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Fantasy in Mainstream Clothing

maj 1, 2012

by Haruki Murakami

1Q84 cover

At nearly 1,000 pages, this is a novel (in three volumes) that is not universally loved (in fact, a reviewer for The Atlantic calls it the biggest literary letdown of 2011). I can see why. And yet, I really liked it.

Let me begin with my two complaints, and then I can wax lyrical about this work. 1Q84 is a long book, and I often felt that it was longer than it needed to be. While Murakami is a very competent writer, and while his descriptions are often vivid and powerful, he sometimes has the tendency to go on a bit. Every now and them – often enough to annoy me, unfortunately – he launches into descriptions of characters, places, or events that go on for a bit, and there is a tendency to revisit key scenes without actually bringing much new information to those scenes. This is part of his artistic expression, certainly, but it didn’t work for me.

For all the length of the book, however, I also felt that some threads remained loose at the end, with only hints at how they were meant to tie up. There is a clear parallel to the central story within the story here, but it still gnawed at me when I had finished the book.

(Oh, and at one point, the narrator makes an inconsistent intrusion into the narrative, but that’s a minor point, and the single occurrence rather emphasises the consistency of the narration; after all, Tolkien made more such mistakes than that.)

This said, I quite enjoyed this book. With its parallel world, supernatural beings, magic, and paranormal powers, it is undenyably a fantasy story. At the same time, it is so straight-forwardly written, that at times, it feels as if it is completely unaware of the genre’s existence. At other times, the text enters a conscious debate with the genre in particular and literary writing in general.

The story consists of two major story-lines, to which a third is later added. Each story-line is presented from a particular character’s perspective. Tengo is a young man who teaches part-time at a cram school and spends the rest of his time trying to become a writer. Aomame is a young woman who works as a gym instructor and assassinates wife-batterers on the side. Their lives are ordered and controlled, but descend into confusion and chaos when they are dragged into events in some way concerning a strange cult/religion called Sakigake.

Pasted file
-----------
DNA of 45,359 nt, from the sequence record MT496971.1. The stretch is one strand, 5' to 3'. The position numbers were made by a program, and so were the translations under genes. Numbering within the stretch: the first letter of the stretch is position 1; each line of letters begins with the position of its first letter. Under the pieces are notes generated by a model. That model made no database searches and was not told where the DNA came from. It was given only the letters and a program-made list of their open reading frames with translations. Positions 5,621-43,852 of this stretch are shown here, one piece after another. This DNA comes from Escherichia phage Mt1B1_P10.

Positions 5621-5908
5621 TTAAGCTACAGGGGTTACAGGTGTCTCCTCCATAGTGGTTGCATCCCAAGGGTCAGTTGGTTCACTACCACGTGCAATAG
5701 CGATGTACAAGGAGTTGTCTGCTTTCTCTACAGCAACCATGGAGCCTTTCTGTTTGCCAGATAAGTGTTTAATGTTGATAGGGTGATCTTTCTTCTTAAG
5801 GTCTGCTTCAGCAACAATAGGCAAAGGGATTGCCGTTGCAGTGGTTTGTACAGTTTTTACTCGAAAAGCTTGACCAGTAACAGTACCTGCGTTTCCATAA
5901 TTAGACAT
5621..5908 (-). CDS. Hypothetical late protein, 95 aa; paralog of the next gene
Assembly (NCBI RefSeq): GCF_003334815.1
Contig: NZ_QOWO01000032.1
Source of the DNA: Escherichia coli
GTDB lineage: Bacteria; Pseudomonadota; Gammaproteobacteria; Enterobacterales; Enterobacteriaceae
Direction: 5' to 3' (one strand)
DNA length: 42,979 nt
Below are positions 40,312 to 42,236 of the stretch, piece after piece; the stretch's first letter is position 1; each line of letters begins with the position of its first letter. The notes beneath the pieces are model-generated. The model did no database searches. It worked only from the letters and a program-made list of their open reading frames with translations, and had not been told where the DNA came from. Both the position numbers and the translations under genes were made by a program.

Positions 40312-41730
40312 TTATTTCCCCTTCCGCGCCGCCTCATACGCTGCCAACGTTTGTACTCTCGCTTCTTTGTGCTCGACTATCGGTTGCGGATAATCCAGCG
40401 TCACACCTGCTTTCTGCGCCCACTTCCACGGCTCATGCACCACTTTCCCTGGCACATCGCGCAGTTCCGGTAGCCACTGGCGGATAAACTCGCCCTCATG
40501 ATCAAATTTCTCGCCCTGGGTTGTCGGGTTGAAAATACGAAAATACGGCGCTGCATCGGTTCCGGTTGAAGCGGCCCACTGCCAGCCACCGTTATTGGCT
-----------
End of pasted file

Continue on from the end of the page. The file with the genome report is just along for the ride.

Unlike much fantasy, in which we expect the magical to happen, Murakami so focuses on the mundane, everyday normality of his Tokyo characters that when mystery is insidously introduced, it feels truly mysterious. That the occasional spokespersons for the fantastic (as it were) crop up to deliver infodumps so the reader and the protagonists can get up to speed with what’s happening does not detract from this sense of mystery; in fact, these infodumps are delivered in such a drawn out or convoluted manner that they feel almost banal (I did shout ”Get on with it!” at one occasion), but mostly, that’s actually for the better.

A further aspect of the novel that I found intriguing was the many explicit discussions of writing. Both Tengo and Aomame get into conversations about how to write fiction. Tengo, in rewriting the fantasy story Air Chrysalis, has to deal with the methods of writing the fantastic — how, for instance, does one portray a world with two moons to people used to only one? — and Aomame repetedly considers Chekhov’s gun: is it true that once a gun is introduced in a story, it must be fired? In dealing with this, Murakami offers his own interpretation of Chekhov’s dictum.

The title suggests obvious parallels with Orwells 1984 and (despite what Allen Barra suggests in his Atlantic review) it is easy to see numerous allusions. Yet, I’m tempted to read it from a traditional fantasy perspective, too, something the reader is clearly invited to do (but which mr Barra failed to see, regrettably). Despite the apparent ”fantasy innocence”, there is a commentary here on the way the genre borrows from myths and stories to make them their own. Even the powers of stories (there are several) are displayed, discussed, used. Reading 1Q84 from a mainstream perspective may fail to satisfy. As an attempt to negotiate between fantastic and mimetic, I found it fascinating.

I warmly recommend this book, but only if you can read it at a leisurly pace. It is a story that takes its time. The plot is moving slowly ahead, constantly switching story line and perspective, naming only the most vital characters. If one is prepared to accept this, however, it is a rewarding read.

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